Because both the Wrenn Malta and the Garrick have been digitized as part of IIIF-compatible online repositories, I was able to create a custom manifest that allows us to reassemble the Garrick copy for the first time in well over a century:

Neat. OK, but as I mentioned, the three main copies of Malta that Wise handled—really, built—involved leaf substitutions beyond ones from the Garrick. Here’s my working table based primarily on the analysis undertaken by Foxon, Ratchford, and Todd:

In two articles, Foxon (1959) and then Foxon and Todd (1961) produce individual charts for the Wise, second Wrenn, and Aitken copies as they now exist, recording which of the four original copies each of their leaves is from. Instead, because I’m interested largely in being able to reconstruct those original copies, I’ve created a single table that makes it easier to track the whereabouts of their leaves. My columns refer to each leaf in the edition—none of the copies has A1; the title-page is A2; the final leaf is K2—and the four rows refer to each of the original four Malta copies by the letters Foxon assigned them. I’ve then populated each cell with a two-letter label identifying the copy in which the leaf currently resides.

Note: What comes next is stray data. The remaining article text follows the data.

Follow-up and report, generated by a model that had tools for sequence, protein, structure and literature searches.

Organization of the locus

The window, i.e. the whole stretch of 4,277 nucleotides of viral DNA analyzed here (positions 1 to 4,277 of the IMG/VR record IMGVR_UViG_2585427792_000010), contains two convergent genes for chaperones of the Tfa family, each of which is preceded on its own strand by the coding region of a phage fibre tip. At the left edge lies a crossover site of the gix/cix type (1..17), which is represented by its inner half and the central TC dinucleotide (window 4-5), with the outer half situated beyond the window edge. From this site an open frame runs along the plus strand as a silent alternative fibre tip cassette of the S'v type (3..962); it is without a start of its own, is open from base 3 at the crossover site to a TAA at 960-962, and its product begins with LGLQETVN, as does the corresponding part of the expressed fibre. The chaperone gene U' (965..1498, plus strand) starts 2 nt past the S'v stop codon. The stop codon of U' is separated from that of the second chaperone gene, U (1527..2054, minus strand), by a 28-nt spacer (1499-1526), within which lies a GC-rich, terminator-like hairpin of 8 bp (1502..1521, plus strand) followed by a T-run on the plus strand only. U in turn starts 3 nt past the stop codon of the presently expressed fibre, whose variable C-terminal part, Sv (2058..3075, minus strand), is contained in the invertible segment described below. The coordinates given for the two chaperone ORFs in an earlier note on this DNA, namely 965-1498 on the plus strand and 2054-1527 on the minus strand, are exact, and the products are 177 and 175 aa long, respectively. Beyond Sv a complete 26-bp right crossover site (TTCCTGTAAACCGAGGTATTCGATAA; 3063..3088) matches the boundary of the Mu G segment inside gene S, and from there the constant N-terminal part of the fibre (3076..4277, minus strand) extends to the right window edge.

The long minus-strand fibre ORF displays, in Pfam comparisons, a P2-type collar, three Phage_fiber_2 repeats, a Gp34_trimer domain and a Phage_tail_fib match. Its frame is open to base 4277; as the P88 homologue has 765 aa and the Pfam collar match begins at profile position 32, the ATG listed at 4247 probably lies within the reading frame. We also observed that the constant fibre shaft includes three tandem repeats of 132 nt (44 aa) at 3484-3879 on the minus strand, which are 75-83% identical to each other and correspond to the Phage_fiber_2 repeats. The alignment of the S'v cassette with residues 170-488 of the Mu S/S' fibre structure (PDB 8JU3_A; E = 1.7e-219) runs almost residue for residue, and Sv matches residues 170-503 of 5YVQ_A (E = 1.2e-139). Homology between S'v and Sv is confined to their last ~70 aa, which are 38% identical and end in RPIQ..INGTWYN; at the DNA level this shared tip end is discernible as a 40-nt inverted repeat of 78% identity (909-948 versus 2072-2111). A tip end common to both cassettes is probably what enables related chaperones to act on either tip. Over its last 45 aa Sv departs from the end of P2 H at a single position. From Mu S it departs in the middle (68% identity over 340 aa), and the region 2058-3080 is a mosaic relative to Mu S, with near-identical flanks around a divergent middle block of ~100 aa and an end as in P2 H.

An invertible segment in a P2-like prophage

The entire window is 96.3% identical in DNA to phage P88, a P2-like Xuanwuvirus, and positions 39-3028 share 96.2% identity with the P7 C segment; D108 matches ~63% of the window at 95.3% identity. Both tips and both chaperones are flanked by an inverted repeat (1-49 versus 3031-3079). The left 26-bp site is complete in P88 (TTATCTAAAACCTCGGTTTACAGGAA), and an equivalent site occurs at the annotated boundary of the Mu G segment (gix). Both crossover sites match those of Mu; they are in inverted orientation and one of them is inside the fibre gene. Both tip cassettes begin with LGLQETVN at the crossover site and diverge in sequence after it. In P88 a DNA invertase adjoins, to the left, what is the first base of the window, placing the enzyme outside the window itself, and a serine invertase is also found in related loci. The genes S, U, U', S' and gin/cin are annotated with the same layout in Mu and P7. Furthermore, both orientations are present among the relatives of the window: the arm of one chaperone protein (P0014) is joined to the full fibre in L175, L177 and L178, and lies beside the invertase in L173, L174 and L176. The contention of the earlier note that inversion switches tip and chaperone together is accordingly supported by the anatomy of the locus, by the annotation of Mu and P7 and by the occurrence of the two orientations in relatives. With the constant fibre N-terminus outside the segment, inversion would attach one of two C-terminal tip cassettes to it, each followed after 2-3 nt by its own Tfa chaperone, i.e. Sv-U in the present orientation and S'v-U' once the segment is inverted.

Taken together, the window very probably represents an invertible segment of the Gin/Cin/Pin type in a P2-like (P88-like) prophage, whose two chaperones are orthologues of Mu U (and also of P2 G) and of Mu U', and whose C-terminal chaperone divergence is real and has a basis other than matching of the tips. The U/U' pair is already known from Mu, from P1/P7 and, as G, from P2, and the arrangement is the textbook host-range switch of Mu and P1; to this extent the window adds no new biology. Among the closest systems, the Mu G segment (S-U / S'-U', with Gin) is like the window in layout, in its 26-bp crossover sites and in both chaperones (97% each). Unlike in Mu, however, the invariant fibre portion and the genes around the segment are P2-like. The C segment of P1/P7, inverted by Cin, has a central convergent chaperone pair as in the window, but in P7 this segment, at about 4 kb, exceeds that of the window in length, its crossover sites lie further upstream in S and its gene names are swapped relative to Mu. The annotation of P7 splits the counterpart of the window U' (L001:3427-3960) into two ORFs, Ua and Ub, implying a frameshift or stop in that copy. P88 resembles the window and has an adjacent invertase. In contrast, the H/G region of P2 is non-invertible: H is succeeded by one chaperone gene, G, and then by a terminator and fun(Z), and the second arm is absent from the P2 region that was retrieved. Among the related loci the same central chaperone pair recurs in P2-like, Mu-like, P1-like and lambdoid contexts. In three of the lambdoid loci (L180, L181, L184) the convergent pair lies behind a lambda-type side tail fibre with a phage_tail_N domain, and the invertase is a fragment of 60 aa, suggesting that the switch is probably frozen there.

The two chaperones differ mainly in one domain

You’ll see that the leaves of copy D are all in the Garrick copy (DG) except for the five that were stolen and used in the Wrenn (WR). You’ll see, too, as I also indicate toward the bottom, that Wise’s own copy (TJ) is mostly made of leaves from the A copy; Aitken’s (AK) mostly from the B; and Wrenn’s mostly from the C. You’ll also notice a few completely blank cells: they appear only in columns representing leaves that were stolen out of the Garrick, as there were only three copies of those leaves to go around—or, at least, only three copies that Wise thought could be made to pass muster in his and his collector buddies’ copies. And then you’ll find orange cells with copy assignments that I’ve qualified with question marks. In the Foxon and Foxon and Todd articles, there’s a hand-toss when it comes to the seven leaves in orange: one now in Wise’s copy, A4, and then six that are now in the Aitken: C4, the four leaves of the I sheet, and then K2. The articles print simply that those leaves are “unassigned.”